Moving house with equity release is a complex subject that requires expert guidance. There’s a recent blog post on this topic here. For a free consultation to see how we can help, contact John Whyte today.
Can a Lifetime Mortgage lead to negative equity?
All equity release plans that meet the standards set by the Equity Release Council (ERC) include a ‘no negative equity’ guarantee, meaning the amount owed can never exceed the value of your property, regardless of how house prices change.
The ERC is the trusted industry body for equity release – you can read more about its role here. Make sure that any equity release adviser or company you are dealing with is a member and abides by its code of practice.
John Whyte is an equity release specialist with a solid 20-year track record in the financial services industry. He holds the CeRER Certificate in Regulated Equity Release, a Level 3 qualification approved by the Financial Conduct Authority (FCA), and he is a full member of the Equity Release Council – check his member listing here.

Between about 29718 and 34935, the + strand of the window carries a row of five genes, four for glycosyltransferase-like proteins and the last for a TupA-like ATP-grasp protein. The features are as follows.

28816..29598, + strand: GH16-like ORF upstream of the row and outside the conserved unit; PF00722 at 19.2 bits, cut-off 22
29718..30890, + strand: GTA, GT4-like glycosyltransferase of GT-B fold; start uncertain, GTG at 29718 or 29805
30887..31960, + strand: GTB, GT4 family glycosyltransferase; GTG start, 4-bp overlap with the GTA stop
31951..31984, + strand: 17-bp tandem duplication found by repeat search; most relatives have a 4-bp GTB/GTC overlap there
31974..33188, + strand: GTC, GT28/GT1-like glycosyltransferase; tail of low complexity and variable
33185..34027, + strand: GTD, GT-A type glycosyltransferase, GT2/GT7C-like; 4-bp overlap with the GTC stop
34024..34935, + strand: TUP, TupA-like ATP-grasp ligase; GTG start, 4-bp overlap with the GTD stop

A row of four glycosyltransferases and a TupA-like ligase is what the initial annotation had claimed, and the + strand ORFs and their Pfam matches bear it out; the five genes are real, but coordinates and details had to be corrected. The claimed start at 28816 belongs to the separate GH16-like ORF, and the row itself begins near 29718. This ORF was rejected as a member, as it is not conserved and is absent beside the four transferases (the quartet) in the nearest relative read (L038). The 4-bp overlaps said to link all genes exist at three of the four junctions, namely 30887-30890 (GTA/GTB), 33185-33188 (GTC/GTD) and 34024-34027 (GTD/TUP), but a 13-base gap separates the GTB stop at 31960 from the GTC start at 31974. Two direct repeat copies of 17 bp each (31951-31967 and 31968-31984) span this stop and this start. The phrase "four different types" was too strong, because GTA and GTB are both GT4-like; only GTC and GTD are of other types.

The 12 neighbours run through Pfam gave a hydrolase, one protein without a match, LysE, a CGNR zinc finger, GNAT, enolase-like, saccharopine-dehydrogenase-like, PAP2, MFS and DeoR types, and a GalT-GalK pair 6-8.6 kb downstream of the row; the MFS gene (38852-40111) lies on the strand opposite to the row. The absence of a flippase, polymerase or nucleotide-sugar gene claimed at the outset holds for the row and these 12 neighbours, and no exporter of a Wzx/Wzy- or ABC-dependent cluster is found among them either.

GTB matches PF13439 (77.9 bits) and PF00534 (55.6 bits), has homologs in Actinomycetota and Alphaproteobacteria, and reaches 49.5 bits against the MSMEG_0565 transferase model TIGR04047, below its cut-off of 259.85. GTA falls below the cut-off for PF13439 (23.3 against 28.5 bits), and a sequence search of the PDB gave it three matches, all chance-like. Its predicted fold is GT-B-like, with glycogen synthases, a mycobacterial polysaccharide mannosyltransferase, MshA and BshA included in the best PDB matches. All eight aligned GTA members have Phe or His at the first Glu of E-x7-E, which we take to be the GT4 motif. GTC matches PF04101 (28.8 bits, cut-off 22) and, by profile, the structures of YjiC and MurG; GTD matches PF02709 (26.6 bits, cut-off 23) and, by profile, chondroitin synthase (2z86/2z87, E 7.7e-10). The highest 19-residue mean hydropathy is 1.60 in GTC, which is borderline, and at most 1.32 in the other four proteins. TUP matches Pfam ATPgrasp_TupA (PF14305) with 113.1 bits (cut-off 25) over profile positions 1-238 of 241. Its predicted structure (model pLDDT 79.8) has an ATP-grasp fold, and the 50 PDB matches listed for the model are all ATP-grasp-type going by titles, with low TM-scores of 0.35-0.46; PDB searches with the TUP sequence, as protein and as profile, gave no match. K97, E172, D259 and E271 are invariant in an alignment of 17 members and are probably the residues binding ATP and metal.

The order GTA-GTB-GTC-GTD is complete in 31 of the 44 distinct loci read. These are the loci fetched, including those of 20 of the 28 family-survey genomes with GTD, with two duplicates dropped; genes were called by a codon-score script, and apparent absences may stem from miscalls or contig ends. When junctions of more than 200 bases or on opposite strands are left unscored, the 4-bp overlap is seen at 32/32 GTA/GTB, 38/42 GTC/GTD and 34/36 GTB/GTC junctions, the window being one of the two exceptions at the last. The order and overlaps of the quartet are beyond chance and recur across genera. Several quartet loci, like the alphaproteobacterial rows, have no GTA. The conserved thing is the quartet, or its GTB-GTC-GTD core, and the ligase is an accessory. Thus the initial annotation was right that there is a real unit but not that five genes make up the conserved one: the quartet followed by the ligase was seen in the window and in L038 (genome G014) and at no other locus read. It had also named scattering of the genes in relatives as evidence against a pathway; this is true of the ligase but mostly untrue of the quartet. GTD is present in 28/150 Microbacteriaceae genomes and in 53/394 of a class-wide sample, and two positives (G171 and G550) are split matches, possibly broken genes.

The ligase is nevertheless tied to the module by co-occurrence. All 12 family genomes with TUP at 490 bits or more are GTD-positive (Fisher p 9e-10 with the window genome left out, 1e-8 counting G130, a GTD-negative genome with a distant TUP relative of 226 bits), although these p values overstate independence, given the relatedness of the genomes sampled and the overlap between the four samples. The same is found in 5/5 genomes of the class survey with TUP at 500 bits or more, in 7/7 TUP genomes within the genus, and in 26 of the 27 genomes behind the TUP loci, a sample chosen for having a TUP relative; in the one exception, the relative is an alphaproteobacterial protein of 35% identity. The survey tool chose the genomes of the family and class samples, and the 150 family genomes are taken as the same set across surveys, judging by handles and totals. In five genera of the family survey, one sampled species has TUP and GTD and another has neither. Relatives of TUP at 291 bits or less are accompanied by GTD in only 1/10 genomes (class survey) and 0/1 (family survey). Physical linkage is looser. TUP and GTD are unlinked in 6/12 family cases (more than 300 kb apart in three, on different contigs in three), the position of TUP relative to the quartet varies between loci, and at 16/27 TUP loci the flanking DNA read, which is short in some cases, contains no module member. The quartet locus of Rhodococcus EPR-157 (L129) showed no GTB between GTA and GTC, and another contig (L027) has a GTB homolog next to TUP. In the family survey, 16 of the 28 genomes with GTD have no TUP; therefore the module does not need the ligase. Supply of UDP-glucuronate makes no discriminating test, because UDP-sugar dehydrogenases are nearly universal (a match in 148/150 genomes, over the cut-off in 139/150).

What are the alternatives to a Lifetime Mortgage?
If an Equity Release Lifetime Mortgage is the right decision for you, it could make a huge difference to you and your family. But before you proceed, it’s a good idea to review all the options available for raising the funds you need.
You may have savings and investments you could put towards your retirement fund. You could consider taking out an unsecured loan or remortage the property. You may get rental income from a second property or decide to let out a spare room in your home. Or you could choose to continue working part-time.
If you are thinking of selling your home and downsize to a cheaper, more manageable property, here are 4 key questions you should be asking first. Don’t forget that downsizing might involve moving away from your family and friends – is this something you are prepared to do? Of course, there’s also the cost of moving to consider, including agents’ and legal fees and stamp duty, all of which can reduce the net proceeds available for you to spend.
Get in touch
For more information about Equity Release Lifetime Mortgages and other options for equity release, John Whyte should be your first port of call. Working in Brighton, Worthing, London and across the South East, we offer an initial free, no obligation discussion to start exploring your options, plus plenty of support for helping you and your family choose the right scheme. Call 01903 890660 today or fill in your details here and we will be in touch as soon as possible.